Muscle strength can make a significant difference. Strong muscles allow you to remain independent and make common tasks such as getting out of a chair, climbing stairs, and carrying groceries simpler. Keeping your muscles strong might help you maintain your balance and avoid falls and injuries caused by falls. When your leg and hip muscles are strong, you are less prone to fall. Weight lifting is referred to as "strength training" or "resistance trains” by certain people.

Weights are used by some persons to assist them to develop their strength. If you do, begin with modest weights and gradually increase them. Others employ resistance bands, which are stretchy elastic bands of varied strengths. If you're a newbie, start by exercising without the band or with a light band until you get used to it. When you can easily accomplish two sets of 10 to 15 repetitions with a band or a stronger band (or more weight), add a band, or move on to a stronger band (or more weight).

At least two days a week, conduct strength workouts for all of your major muscle groups; however, don't exercise the same muscle group on consecutive days. Here are a few strength-building exercises to get you started:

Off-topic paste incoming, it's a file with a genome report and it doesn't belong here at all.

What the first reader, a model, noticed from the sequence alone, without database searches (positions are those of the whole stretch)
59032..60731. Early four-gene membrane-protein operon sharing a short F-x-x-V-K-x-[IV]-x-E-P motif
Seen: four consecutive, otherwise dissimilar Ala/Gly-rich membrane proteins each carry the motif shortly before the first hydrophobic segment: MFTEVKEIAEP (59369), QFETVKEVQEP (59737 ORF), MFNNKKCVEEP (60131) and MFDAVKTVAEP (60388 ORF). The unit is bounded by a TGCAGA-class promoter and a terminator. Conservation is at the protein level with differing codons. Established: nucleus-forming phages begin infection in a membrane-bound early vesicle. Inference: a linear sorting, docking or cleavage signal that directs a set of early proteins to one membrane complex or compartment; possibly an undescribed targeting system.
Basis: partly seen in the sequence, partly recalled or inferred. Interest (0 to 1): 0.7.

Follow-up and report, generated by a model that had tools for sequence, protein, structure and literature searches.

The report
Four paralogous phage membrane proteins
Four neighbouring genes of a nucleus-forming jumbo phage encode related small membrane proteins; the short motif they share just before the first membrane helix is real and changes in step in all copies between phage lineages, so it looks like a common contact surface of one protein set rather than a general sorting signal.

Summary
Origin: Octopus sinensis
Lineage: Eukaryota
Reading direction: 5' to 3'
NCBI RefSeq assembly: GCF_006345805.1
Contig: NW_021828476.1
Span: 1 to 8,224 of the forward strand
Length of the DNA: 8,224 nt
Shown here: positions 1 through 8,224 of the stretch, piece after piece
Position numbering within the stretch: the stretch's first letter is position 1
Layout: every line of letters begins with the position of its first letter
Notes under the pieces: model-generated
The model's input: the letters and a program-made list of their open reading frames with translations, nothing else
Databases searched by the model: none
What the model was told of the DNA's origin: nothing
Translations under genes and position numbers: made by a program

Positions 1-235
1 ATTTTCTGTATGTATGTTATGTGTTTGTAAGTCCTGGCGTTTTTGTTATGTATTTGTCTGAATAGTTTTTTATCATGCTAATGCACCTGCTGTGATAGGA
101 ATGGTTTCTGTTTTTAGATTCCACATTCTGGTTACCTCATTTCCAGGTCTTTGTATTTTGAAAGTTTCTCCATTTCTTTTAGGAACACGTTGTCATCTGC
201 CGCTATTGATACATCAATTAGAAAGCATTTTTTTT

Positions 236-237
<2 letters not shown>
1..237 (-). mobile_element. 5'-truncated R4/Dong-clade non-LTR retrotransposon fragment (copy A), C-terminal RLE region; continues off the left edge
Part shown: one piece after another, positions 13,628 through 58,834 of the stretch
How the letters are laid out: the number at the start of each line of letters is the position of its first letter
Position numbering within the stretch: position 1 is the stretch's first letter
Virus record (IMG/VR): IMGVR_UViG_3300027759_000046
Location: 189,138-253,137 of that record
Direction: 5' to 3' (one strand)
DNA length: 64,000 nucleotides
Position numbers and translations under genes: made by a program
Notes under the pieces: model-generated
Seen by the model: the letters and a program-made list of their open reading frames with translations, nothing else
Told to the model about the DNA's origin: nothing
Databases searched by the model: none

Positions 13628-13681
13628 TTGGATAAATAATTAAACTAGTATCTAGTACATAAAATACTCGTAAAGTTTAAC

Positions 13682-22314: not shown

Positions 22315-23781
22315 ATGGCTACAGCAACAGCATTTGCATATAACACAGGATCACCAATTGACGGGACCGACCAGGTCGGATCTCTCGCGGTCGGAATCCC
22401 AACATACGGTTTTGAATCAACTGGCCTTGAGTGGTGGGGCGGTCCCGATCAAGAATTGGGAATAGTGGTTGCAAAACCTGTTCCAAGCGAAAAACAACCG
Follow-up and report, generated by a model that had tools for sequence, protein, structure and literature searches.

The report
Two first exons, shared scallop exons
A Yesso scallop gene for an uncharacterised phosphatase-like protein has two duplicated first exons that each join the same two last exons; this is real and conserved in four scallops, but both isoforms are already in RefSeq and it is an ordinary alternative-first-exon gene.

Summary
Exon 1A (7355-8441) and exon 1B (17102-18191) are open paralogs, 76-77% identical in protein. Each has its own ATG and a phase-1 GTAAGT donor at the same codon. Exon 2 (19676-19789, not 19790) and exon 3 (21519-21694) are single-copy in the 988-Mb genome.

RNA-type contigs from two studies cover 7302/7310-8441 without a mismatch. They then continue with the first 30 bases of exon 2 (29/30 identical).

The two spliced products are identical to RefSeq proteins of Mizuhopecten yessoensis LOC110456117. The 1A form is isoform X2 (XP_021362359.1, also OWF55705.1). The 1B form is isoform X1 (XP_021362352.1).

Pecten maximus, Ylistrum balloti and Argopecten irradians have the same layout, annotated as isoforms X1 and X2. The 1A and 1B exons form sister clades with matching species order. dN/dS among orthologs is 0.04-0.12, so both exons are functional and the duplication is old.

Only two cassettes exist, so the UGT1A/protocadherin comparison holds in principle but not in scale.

1. Performing weightlifting
  2. Grocery shopping
  3. Taking a hold of a tennis ball
  4. Curl your arms above your head
  5. Curls of the arms
  6. Push-ups against the wall
  7. Using your own body weight
  8. Making use of a resistance band

Tip for Safety

  1. During strength exercises, don't hold your breath and breathe regularly.
  2. As you raise or push, exhale, and inhale as you relax.
  3. If you're unsure about a particular workout, consult your doctor.

Older Adult Balance Exercises

Balance exercises assist older persons to avoid falls, which are the prevalent problems with devastating implications. Many lower-body strength workouts will also help you gain balance. Exercises for balance include:

  1. Tai Chi is a form of "movement meditation" in which the body is moved slowly, gently, and precisely while breathing deeply.
  2. One-footed standing
  3. The heel-to-toe walk is a type of walking where you move from your toes to your heels
  4. The walk of balance.
  5. From a seated posture, stand up.

Tips on Safety

  1. If you feel wobbly, have a firm chair or someone close to grab on to.
  2. If you're unsure about a particular workout, consult your doctor.

Exercises to Improve Flexibility in the Elderly

Stretching can help you become more flexible. It will be easier for you to reach down to tie your shoes or look over your shoulder as you back your car out of the driveway if you move more freely. Exercises to improve flexibility include:

  1. Exercise to stretch your back
  2. The stretch in the inner thigh
  3. Ankle stretches
  4. Leg stretch at the back

Tip for Safety

  1. When your muscles have warmed up, stretch.
  2. After endurance or strength training, stretch.
  3. Don't overextend yourself to the point of pain.
  4. When holding a stretch, remember to breathe normally.
  5. If you're unsure about a particular